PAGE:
Updated: Nov 12
Submissions Director. Author of over a score of books, including Travelogues, Gothic, Horror, Science Fiction and YA adventures. Here's what Robert Wingfield has to say in his recent review of Shamus Dust:
As a submissions director, I have come across many works written by Americans about the UK, where the only contact they've had with the old country is seeing the name on a tin of beans, and the output is about as genuine as a nine-bob note.
Not so with Shamus Dust. The amount of detail and research that has gone into this work is awesome (literally - look it up in the New Oxford Dictionary). The author brings London, a few years after the 2nd Pointless World War, into sharp focus, detailing the hard winter, flattened buildings, the attempts at regeneration, and a police force struggling against corruption and opportunism.
I worked in London for many years, and I'm staggered by the authenticity of the narrative, which goes into places so thoroughly, you can trace it by the yard on the street map. Add into that a multiple murder mystery, the likes that RC would be proud of, with the quirky phrases, twists and turns and the customary beatings of the American PI, and you have a novel you won't be able to put down.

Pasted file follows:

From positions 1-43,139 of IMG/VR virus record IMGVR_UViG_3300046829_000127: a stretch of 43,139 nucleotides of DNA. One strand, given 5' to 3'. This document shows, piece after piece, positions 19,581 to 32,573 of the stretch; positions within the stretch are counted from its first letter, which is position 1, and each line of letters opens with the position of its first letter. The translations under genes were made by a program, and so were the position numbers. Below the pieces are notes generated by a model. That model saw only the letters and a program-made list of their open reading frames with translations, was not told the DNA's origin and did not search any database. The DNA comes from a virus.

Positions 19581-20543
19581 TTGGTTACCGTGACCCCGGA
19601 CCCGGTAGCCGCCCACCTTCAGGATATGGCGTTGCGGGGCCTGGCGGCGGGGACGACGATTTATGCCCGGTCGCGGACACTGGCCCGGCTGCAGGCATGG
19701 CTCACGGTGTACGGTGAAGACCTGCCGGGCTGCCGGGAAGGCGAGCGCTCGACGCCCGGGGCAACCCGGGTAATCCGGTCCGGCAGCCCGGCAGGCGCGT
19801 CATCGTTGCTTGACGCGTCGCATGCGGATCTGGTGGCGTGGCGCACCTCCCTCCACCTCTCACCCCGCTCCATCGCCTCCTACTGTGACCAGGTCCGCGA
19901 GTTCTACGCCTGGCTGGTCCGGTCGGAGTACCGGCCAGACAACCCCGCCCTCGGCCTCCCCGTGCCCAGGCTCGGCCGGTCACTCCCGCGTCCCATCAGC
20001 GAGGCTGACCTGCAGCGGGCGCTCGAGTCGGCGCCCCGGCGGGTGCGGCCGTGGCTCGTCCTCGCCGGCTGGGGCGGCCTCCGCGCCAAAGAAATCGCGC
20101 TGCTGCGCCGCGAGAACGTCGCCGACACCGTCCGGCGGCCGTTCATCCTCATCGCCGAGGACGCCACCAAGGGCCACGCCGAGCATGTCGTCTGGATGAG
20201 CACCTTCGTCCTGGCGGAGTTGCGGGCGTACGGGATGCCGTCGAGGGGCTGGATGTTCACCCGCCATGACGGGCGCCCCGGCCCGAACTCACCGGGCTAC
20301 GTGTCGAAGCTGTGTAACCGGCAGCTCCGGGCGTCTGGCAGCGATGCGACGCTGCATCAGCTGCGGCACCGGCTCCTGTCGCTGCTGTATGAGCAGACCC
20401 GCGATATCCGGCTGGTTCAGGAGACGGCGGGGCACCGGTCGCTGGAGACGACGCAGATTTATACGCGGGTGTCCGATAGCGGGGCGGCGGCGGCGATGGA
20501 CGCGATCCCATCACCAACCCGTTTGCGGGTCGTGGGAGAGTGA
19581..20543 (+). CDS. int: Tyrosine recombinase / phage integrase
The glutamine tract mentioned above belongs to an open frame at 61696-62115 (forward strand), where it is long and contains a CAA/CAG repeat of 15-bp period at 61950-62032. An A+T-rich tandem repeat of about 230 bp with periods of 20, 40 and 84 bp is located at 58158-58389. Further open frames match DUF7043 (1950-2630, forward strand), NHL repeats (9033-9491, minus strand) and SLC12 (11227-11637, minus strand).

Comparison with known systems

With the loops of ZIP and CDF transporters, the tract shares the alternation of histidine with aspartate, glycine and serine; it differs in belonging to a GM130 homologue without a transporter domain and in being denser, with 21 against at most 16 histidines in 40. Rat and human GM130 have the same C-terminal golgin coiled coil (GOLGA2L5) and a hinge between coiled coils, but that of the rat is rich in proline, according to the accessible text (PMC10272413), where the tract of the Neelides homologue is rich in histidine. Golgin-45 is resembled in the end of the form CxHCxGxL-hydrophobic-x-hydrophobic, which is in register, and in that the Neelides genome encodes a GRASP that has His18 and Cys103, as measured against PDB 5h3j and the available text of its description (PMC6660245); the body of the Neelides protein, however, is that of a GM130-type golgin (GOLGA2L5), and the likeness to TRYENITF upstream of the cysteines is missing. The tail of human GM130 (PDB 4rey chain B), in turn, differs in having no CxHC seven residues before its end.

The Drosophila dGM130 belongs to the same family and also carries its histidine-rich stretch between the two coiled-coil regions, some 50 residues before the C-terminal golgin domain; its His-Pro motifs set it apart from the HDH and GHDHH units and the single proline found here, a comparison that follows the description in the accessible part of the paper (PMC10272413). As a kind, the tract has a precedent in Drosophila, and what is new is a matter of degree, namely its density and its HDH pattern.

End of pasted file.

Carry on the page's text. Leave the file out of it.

Shame the great Bogart has passed on. When they make it a film, I wonder who they could possibly choose instead (answers on a postcard please).
You do have to keep notes on the characters though, because there are many of them tangled together, all with their own agendas, and many turning up dead. The plot is easier, in that our hero, Newman, does have to go through it at various points as new information or characters come on line.
Favorite quotes include: "The [hospital] foyer was filled with the smell they bottle just for surgery, and painted in shades of the North Atlantic in February, so dismal that if you weren't dead on arrival, at least you could know how it felt."
"The slick of cloud looked as if it might start raining oil." [Yes! London captured on a winter's day.]
"Trained legal minds deliberated on the statutes the way a clam deliberates on an ice age."
The author's only problem will be how to top what is already written, but I am craving for more.